BA: At this remove, I can't recall an instance in which Ezra Pound lays out a number of principles for editing literary magazines in a manner comparable to the three principles of Imagism presented by Pound (and F.S. Flint) in 1913 within Harriet Monroe's Poetry magazine.  Earlier in this interview I did point to BLAST as the specific source for my focus on two writers per issue, though I wouldn't claim that I was trying to promote a particular "ism" as Pound and Wyndham Lewis were trying to do with Vorticism.  However, I did hope that the two featured writers (and those who wrote about them) would articulate aspects of a shared aesthetic.  Throughout his literary career, Pound was in contact with the editors of literary magazines, continually arguing for the presentational strategies he would pursue if he were the chief editor.  Only in 1927-1928 was Pound able to edit his own magazine, The Exile, and if you compare it to VORT, the main similarity would be the existence of overt editorial statements.  My article appearing in an early issue of Paideuma on The Exile, including unpublished letters to his American agent John Price, might make pertinent reading.

KB: I noticed in the editorial note to issue 4 you spoke of authors generationally as "older", "middle-aged" & "younger" (Watten & Coolidge would have been then representatives of the younger writers you dealt with).   You also spoke of  the difficulty of getting critical work for VORT-the difficulty of getting material on Robert Kelly you remarked specifically-and you talked of the habit of criticism among the vanguard as having dropped (away partly thru the fault of Caterpillar?).  Did you sense then that these younger writers were going to be more willing to theorize & write critically?

BA: At the time I assumed that if a potential interviewee had been publishing for at least ten years (the longer the better), enough of a readership had arisen from which several critical responses could likely be elicited.  I didn't want anyone to be able to conclude that I was the sole advocate.  In retrospect, I'm satisfied with the quantity and quality of the literary criticism I was able to gather for VORT, despite my geographic isolation and relative lack of experience within contemporary literary contexts.  Because most of the magazines which published creative work by writers I featured didn't include critical writing about them, there was an absence in the over-all context that I could legitimately attempt to address.  I didn't sense then that the "younger generation" of writers would be considerably more likely to write criticism and theory than previous generations, and instead my attention was turning to the visual arts and their accompanying theory and criticism.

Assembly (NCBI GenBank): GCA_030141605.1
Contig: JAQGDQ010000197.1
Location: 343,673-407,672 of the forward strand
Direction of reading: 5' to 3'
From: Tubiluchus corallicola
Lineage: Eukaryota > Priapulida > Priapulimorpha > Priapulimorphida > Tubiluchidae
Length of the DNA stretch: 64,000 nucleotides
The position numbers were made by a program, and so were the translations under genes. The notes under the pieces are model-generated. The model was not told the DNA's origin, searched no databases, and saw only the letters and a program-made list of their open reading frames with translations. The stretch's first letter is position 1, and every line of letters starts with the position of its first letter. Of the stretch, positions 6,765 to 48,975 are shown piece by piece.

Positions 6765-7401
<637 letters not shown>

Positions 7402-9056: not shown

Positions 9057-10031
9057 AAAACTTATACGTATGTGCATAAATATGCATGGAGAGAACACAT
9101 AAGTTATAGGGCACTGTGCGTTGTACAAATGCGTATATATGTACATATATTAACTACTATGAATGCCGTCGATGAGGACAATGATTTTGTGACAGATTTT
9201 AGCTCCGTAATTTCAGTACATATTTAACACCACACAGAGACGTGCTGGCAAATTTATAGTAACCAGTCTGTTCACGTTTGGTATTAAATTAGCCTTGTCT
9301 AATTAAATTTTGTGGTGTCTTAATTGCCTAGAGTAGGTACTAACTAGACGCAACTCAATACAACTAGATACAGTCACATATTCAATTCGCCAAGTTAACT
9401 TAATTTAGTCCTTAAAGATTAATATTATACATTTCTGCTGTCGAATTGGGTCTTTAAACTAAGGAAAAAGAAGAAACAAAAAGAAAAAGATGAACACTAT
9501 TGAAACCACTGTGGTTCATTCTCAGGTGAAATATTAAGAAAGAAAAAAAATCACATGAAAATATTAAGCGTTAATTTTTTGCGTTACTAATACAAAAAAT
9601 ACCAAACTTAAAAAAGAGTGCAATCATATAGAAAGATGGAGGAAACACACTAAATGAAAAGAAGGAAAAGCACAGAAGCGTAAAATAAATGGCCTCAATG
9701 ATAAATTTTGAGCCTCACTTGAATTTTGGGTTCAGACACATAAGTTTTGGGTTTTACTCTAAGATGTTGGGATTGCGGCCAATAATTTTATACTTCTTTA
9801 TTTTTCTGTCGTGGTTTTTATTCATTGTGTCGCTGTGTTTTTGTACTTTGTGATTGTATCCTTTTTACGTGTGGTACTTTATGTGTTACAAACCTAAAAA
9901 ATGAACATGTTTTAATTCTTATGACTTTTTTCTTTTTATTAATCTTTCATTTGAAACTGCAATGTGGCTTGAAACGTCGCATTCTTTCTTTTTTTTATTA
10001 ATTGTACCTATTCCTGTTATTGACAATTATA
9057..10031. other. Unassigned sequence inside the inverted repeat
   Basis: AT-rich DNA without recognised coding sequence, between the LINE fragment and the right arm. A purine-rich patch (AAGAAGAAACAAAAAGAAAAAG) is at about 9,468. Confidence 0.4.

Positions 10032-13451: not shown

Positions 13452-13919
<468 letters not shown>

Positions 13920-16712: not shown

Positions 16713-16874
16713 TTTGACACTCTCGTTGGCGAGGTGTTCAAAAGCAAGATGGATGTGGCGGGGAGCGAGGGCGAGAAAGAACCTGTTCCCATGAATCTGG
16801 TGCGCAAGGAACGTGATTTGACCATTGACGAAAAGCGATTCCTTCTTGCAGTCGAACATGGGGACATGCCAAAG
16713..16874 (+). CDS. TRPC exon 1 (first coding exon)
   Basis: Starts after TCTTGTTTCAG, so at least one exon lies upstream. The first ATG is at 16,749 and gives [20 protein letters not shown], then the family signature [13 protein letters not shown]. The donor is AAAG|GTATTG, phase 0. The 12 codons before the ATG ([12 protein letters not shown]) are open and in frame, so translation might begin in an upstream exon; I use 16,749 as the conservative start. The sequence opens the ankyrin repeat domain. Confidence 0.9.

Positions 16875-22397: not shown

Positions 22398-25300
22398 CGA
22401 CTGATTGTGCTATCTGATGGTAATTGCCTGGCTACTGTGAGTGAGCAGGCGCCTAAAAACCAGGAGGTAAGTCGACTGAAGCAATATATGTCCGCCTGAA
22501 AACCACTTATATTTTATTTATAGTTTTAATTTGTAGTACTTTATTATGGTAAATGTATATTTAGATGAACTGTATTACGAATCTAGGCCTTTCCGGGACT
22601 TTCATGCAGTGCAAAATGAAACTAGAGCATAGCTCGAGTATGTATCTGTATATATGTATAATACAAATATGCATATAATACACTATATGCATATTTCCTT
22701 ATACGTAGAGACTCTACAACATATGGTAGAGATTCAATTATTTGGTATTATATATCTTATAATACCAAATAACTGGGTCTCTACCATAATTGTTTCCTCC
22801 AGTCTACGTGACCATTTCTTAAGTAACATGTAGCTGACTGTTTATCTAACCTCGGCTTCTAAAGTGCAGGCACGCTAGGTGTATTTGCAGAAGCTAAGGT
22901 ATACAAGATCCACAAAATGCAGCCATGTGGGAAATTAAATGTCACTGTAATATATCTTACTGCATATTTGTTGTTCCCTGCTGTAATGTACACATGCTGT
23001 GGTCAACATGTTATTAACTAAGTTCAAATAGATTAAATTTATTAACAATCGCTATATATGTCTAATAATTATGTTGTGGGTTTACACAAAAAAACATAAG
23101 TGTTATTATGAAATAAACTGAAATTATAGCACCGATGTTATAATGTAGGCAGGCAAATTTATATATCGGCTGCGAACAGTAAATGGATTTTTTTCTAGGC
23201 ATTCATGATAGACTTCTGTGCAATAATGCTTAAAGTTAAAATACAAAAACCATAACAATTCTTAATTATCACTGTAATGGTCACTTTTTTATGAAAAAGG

My editorial was also responding to unexpected requests from a number of aggressive "younger writers" that I interview them for VORT.  I was happy to be able to point to Watten's interview with Coolidge.  A bit later I initiated and published interviews with Bernadette Mayer (in The World, edited by Anne Waldman, 1974--Dick Miller helped me with the interviewing process in person) and with Kathy Acker (in Only Paper Today, edited by Victor Coleman, 1975).